Heads Up: Prayer Warriors and Sarah Palin Are Organizing Spiritual Warfare to Take Over America
Stay up to date with the latest headlines via email.
Imagine a religious movement that makes geographic maps of where demons reside and claims among its adherents the Republican Party's most recent vice presidential nominee and whose leaders have presided over prayer sessions (one aimed at putting the kibosh on health-care reform) with a host of leading GOP figures.
It's a movement whose followers played a significant role in the battle over Proposition 8, California's anti-same-sex marriage initiative, and Uganda's infamous proposed Anti-Homosexuality Law, more commonly associated with the Family, a religious network of elites drawn from the ranks of business and government throughout the world. But the movement we're imagining encompasses the humble and the elite alike, supporting a network of "prayer warriors” in all 50 states, within the ranks of the U.S. military, and at the far reaches of the globe -- all guided by an entire genre of books, texts, videos and other media.
Imagine that, and you've just dreamed up the New Apostolic Reformation, the largest religious movement you've never heard of.
NAR's videos, according to researcher Rachel Tabachnick, "demonstrate the taking control of communities and nations through large networks of 'prayer warriors' whose spiritual warfare is used to expel and destroy the demons that cause societal ills. Once the territorial demons, witches, and generational curses are removed, the 'born-again' Christians in the videos take control of society."
The movement's notion of "spiritual warfare" has spread from the California suburbs to an East-Coast inner city, and has impacted policy decisions in the developing world. Movement operatives are well-connected enough to have testified before Congress and to have received millions of dollars in government abstinence-only sex-education grants, and bizarre enough to maintain that in its prototype communities, the movement has healed AIDS, purified polluted streams and even grown huge vegetables. Leaders in the NAR movement refer to themselves as "apostles."
In the days leading up to the historic vote on health-care reform in the Senate, Apostle Lou Engle led the Family Research Council's " Prayercast” against health-care reform, a Webcast featuring Republican Senators Jim DeMint (S.C.) and Sam Brownback (Kans.), and Rep. Michele Bachmann (Minn.). Earlier in the year, Engle, who leads the group TheCall, prayed over Newt Gingrich at a Virginia event called Rediscovering God in America. In 2008, Engle, at an event he staged at San Diego's Qualcomm Stadium, advocated acts of Christian martyrdom to end abortion and same-sex marriage. This "apostle" claims LGBT people are possessed by demons. And Engle is not the only NAR apostle with political connections.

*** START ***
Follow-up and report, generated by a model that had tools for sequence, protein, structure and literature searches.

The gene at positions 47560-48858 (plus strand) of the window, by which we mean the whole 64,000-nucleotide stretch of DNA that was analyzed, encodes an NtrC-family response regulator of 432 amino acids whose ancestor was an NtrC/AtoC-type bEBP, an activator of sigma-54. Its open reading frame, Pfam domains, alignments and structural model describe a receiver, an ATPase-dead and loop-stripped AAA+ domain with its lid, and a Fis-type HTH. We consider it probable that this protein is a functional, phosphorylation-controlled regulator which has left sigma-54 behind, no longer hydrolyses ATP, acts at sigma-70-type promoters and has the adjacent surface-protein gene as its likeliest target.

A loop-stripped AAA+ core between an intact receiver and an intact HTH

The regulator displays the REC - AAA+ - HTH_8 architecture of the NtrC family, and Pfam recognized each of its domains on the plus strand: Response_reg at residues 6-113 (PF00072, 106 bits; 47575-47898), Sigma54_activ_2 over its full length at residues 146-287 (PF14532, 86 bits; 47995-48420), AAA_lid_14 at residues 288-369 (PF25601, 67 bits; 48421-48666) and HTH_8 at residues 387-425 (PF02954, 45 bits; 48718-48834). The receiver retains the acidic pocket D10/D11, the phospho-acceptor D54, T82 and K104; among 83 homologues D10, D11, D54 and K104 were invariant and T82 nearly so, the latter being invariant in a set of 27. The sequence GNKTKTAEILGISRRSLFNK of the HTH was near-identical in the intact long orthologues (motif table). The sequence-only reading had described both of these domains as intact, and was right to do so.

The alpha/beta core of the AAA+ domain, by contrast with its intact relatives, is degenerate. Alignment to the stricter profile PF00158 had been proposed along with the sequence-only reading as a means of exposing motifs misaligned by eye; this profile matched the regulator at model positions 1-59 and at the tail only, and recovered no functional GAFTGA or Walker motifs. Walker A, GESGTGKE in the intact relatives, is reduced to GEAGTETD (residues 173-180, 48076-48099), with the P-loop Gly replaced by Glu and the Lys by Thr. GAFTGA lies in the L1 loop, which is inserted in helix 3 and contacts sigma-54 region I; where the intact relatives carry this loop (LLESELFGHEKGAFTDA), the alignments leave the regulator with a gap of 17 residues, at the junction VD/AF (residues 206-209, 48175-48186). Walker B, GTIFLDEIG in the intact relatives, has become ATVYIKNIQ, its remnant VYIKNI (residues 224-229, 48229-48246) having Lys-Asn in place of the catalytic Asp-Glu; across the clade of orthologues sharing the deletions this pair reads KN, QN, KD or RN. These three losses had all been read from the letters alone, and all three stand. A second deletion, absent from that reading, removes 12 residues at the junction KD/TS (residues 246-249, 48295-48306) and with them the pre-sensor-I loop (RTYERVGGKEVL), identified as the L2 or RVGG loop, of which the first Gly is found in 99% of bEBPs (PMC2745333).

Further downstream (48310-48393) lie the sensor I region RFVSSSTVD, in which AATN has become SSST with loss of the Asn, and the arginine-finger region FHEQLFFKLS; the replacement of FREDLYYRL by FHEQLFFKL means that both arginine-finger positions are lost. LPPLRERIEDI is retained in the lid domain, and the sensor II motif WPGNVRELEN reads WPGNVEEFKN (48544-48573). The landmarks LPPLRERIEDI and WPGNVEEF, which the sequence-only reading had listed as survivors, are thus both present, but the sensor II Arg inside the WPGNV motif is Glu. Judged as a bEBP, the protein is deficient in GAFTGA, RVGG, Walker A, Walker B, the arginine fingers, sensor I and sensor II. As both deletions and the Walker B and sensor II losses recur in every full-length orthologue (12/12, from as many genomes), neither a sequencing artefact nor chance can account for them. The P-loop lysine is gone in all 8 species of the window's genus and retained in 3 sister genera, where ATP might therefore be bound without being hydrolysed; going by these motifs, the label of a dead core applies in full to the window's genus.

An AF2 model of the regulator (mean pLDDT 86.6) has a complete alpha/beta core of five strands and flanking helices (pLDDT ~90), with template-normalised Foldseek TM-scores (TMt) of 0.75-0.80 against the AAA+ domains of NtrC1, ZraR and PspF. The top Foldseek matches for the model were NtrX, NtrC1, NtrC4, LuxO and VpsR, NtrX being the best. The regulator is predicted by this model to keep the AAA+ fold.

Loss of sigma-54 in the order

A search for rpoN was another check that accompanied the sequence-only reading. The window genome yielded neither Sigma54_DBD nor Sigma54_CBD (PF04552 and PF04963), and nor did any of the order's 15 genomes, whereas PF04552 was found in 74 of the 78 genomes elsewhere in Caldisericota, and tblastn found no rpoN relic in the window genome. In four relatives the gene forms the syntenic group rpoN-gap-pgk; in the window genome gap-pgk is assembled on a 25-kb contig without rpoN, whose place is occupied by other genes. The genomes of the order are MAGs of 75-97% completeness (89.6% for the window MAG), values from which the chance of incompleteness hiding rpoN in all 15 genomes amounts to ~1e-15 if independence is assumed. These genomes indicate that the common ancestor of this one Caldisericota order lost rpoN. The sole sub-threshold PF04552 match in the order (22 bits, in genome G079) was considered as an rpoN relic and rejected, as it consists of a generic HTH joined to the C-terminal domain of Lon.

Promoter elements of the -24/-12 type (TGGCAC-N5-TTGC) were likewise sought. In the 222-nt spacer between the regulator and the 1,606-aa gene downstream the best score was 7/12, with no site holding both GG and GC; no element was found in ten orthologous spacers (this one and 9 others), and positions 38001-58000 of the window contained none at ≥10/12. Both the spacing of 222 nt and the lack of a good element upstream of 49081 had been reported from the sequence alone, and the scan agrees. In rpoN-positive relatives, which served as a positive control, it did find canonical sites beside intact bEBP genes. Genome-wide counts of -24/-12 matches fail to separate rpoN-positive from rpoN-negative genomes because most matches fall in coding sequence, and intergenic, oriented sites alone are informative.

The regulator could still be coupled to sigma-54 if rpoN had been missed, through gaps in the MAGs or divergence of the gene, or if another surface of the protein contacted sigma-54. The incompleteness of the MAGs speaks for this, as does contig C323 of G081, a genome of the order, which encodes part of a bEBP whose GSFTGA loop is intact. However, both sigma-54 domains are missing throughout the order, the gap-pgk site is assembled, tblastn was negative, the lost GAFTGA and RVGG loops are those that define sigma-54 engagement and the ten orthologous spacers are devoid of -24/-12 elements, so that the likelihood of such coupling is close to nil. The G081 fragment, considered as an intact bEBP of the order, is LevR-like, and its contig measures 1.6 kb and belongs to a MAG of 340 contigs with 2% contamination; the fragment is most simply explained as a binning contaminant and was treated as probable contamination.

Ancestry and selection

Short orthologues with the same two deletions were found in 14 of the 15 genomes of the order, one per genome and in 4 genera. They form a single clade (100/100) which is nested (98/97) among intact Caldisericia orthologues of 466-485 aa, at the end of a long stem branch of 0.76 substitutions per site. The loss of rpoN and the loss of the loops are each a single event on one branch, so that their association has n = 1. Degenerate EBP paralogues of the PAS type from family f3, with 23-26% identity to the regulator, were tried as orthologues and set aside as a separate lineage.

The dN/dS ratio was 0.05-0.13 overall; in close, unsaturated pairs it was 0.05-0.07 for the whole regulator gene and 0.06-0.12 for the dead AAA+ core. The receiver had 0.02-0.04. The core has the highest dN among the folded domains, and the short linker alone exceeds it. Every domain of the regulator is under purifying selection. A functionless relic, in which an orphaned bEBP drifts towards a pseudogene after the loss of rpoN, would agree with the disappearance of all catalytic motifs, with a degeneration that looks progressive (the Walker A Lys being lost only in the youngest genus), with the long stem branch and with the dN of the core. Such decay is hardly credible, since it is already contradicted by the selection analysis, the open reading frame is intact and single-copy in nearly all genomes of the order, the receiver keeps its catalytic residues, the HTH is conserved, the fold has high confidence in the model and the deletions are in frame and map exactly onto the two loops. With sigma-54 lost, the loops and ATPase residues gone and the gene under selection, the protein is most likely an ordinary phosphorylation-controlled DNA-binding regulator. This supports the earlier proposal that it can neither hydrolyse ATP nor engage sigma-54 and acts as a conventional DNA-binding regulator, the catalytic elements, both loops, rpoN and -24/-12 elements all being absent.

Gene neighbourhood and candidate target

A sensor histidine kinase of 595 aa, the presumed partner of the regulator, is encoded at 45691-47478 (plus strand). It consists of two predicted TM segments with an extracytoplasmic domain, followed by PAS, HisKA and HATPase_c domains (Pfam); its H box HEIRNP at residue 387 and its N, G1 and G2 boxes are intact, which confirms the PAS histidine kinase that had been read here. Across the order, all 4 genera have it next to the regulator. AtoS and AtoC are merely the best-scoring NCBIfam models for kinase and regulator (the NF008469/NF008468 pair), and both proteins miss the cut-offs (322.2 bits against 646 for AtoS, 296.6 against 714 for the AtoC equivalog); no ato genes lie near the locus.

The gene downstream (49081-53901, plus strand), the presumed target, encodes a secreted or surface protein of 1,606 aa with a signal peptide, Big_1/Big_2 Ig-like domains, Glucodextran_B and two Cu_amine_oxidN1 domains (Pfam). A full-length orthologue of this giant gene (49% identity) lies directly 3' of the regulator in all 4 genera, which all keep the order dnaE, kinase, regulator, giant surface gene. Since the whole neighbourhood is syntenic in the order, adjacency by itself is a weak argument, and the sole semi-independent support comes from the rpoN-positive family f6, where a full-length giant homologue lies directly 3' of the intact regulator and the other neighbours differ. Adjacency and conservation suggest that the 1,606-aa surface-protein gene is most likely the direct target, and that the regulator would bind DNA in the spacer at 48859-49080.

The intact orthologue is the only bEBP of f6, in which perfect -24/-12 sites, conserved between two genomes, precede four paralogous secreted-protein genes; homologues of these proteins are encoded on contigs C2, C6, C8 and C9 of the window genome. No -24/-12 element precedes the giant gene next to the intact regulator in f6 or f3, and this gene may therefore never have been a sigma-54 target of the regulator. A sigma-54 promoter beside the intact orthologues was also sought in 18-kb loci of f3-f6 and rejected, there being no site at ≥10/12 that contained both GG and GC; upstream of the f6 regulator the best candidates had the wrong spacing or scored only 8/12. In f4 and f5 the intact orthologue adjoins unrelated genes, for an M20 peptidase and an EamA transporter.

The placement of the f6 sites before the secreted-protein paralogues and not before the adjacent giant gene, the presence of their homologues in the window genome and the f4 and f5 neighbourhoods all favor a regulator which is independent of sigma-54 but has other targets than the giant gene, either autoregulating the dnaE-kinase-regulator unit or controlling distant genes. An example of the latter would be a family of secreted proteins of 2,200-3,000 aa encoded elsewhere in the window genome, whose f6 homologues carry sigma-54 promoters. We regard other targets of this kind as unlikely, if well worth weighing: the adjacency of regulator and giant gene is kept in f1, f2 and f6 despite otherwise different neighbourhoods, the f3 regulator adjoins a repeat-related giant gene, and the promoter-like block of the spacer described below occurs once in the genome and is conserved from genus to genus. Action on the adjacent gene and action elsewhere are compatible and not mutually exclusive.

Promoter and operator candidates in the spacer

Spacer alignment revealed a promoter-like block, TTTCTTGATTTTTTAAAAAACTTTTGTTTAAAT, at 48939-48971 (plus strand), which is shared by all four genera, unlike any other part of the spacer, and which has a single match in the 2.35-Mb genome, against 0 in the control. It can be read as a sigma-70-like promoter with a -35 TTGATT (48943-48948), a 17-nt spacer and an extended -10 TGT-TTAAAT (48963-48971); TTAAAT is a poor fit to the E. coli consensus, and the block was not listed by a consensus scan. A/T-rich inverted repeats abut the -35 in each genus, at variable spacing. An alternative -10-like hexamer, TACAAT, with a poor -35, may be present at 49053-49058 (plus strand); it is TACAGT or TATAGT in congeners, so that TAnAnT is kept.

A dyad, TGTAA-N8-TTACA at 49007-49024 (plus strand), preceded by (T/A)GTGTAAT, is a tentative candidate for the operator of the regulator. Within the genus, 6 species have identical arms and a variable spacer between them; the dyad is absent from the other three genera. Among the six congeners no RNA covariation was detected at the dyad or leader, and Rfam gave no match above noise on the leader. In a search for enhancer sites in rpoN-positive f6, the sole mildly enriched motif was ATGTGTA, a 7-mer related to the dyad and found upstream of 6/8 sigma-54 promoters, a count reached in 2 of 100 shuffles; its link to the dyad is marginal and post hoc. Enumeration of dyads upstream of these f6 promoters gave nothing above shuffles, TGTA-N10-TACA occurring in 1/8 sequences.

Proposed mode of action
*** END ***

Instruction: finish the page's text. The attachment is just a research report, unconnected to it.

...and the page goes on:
Presidential campaign watchers got their first taste of the New Apostolic Reformation when it was revealed that Sarah Palin, while mayor of Wasilla, had been prayed over in a laying-on-of-hands by Rev. Thomas Muthee of Kenya, director of the NAR East Africa Spiritual Warfare Network, in a ceremony designed to protect Palin from witches and demons. Muthee, it turns out, is famous in his native land for driving out of town a woman he deemed a witch, a charge that had her neighbors calling for her stoning.
Palin, according to Alaskan Apostle Mary Glazier, became part of her prayer network at the age of 24. Wasilla is no stranger to wandering NAR leaders. Last June, Apostle Lance Wallnau stopped through in the course of his world travels, promoting the movement's Reclaiming the Seven Mountains of Culture campaign at Wasilla Alaska Assembly of God Church -- the very church at which Muthee laid hands on Palin. (The "seven mountains" are the realms of business, government, media, arts and entertainment, education, the family and religion.) Other NAR luminaries dropping by Wasilla last year include leading international Apostles Naomi Dowdy and Dutch Sheets.